Up until now, so-called ‘right to repair’ legislation was a topic that touched on important questions, like whether or not farmers could repair their own tractors, or if end-users were allowed to repair their own electronics goods, but wasn’t viewed as a literal life-or-death issue. Now, however, the question of whether or not people and companies are allowed to fix hardware they’ve purchased has a real chance of becoming one.
The advocacy group US Public Interest Research Group has released a report detailing the results of interviews it conducted with 222 biomedical repair professionals. It writes: “Nearly half reported they had been denied access to ‘critical repair information, parts or service keys’ since March.”
Manufacturers claim these lockouts and other hoops are in place to protect patient safety, but such claims fly in the face of an FDA report, written in 2018, which found no evidence that third-party repair carries any risk whatsoever after reviewing 2.1 medical device failure reports submitted over the past decade. Manufacturers are already supposed to provide “schematics, wiring diagrams, mechanical layouts, and other pertinent data for the appliance,” as well as, “preventative and corrective maintenance, inspection, and repair procedures.” According to US-PIRG, these standards are not being upheld.
According to multiple biomedical repair professionals, repairs in the time of coronavirus require a heavy reliance on online forums, because manufacturers will not distribute training and repair manuals adequately. In one case, the head of a biomedical college engineering program deliberately requires students to attempt to obtain repair manuals as part of their training in order to illustrate how difficult it is and how much begging they may have to do in order to get the documentation. US-PIRG also details how manufacturers have attempted to use copyright claims and legal threats to force websites to remove repair manuals. Steris, a company that manufacturers sterilizers, has requested iFixit remove manuals from its website.
Manufacturers, of course, want to handle these repairs themselves. The problem is, in some cases, quarantine protocol prevents hospitals from allowing random service technicians from entering the buildings. In others, manufacturers are no longer sending technicians out due to the pandemic. Both situations cause the same problem: Broken equipment no company-certified technician is going to be fixing any time soon.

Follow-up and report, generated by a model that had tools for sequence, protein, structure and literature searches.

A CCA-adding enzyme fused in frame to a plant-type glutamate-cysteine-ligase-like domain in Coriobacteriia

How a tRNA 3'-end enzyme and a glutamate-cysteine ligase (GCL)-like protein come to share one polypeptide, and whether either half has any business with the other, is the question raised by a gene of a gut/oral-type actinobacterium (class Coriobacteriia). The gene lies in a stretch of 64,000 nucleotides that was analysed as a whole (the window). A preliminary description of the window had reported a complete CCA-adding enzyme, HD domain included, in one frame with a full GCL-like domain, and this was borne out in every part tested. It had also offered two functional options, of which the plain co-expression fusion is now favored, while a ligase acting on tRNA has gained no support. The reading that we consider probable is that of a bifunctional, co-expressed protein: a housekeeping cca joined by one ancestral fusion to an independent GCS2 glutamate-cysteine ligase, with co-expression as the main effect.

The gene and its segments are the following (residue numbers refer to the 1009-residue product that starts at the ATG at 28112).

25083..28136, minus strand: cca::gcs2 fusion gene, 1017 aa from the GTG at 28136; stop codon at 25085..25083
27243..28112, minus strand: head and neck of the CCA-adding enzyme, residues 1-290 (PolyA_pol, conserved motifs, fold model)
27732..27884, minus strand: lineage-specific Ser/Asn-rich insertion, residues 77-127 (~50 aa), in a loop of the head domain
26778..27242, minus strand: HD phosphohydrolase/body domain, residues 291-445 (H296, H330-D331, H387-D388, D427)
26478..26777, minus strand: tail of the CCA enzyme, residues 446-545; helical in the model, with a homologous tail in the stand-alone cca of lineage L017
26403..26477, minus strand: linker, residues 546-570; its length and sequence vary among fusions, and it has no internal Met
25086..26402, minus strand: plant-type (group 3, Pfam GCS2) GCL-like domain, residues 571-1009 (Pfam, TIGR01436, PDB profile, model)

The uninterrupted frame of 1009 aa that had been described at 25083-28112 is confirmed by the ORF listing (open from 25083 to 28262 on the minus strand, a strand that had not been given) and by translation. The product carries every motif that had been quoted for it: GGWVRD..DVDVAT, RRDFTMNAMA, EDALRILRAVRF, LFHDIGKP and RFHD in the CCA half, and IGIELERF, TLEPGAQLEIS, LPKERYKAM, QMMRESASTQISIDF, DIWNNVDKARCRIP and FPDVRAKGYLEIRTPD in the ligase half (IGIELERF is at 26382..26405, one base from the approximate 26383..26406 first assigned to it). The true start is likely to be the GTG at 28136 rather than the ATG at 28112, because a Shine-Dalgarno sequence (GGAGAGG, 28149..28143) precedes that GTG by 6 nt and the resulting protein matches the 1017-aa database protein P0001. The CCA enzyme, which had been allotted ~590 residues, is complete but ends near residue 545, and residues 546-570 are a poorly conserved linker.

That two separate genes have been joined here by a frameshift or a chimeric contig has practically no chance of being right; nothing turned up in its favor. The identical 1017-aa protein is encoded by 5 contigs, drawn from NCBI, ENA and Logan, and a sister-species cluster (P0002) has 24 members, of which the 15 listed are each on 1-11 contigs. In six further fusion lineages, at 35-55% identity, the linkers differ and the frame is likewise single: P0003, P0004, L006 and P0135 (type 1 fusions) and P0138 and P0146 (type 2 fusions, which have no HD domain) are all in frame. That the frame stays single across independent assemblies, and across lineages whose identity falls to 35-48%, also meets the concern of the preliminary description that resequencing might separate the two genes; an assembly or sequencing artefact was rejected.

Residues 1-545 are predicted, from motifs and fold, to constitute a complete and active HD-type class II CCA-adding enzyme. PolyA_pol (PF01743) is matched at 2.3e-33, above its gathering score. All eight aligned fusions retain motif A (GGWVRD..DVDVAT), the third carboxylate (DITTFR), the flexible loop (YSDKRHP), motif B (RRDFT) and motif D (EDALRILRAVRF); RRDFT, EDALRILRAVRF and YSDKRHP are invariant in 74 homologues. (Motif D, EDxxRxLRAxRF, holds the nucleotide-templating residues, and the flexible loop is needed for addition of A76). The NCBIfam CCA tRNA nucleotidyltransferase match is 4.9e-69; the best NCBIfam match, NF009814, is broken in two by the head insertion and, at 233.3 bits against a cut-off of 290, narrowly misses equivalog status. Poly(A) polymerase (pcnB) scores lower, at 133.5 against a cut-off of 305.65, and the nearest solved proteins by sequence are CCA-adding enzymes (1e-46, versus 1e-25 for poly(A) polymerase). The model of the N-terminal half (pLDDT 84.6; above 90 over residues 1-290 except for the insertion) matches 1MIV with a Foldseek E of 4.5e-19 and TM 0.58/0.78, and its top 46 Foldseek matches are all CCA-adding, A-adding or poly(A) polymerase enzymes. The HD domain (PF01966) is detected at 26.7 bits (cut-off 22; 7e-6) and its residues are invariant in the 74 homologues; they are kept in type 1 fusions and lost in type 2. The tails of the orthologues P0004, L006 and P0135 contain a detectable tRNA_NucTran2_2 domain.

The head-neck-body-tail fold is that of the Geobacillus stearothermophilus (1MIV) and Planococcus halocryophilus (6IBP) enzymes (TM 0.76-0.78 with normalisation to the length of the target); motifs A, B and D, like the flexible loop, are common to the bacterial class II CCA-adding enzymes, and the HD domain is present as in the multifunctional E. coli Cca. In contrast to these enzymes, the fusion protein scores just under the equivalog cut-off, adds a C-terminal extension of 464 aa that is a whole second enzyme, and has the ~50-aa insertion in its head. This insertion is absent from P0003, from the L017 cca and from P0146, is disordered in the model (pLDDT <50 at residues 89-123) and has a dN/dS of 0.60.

In at least one case, a manufacturer booby-trapped an ultrasound machine to require software calibration if anyone removed the outside cover. This was not disclosed to the hospital, who attempted to troubleshoot the piece of equipment and found themselves locked out of it as a result. GE has only recently begun waiving the requirement that technicians complete an in-person, four-day training course to receive any documentation on its ventilators. Siemens refuses to allow already-trained colleagues to train co-workers under any circumstances.
According to one biomedical technician, an unnamed manufacturer charges $28,000 to train one technician in how to repair one device. The actual cost of the device? $35,000. Another manufacturer initially attempted to de-certify all of a hospital’s technicians due to their failure to complete a bi-annual recertification requirement during the pandemic, when the manufacturer was offering no recertification courses of any kind.
According to the survey results, 30.4 percent of technicians had equipment in their facilities they could not use, due to limited access to parts or training manuals, while 91.8 percent stated they had been denied service information for life-saving, critical equipment. 88.7 percent reported that manufacturers have refused to sell spare parts (4.5 percent “Most of the time,” 36.2 percent “Somewhat frequently,” and 48 percent reporting “Sometimes, but infrequently.”)
In the COVID-19 epidemic, you’d expect manufacturers to be prioritizing ventilator repairs above all else. You’d also be wrong. 69.5 percent of the 222 engineers and repair people surveyed are responsible for ventilator repair. Of that group, 29.2 percent report they have ventilators they cannot use due to a lack of either spare parts or servicing information. 24.2 percent of technicians have been denied access to information since March. 51.9 percent of technicians have ventilators on-site they cannot service or repair if they break.
A month ago, it might have been tempting to think such issues were receding behind us and would not need to be dealt with in the future. The current state of the pandemic in the United States belies such pleasant dreams. Technicians need permission to repair life-saving medical equipment the instant it breaks. They need to be able to purchase repair parts as soon as possible. If the pandemic continues to worsen, and America’s stockpiles of emergency medical equipment are stretched nationwide, these sorts of failures could start leading to deaths.
However much revenue device manufacturers might lose off repairs, we suspect they’ll lose more if people start dying because local, qualified technicians weren’t allowed to read a frickin’ manual.
DRM is a lot of things. It’s not supposed to be a death sentence. If it starts becoming one, device manufacturers will have bigger problems than just their profit margins to consider. iFixit has published a database of medical device repair information, if you are looking for manuals.
Feature image shows a NASA/JPL-designed ventilator, whose design is specifically intended to be easy to maintain, cheap, and repairable in the field.
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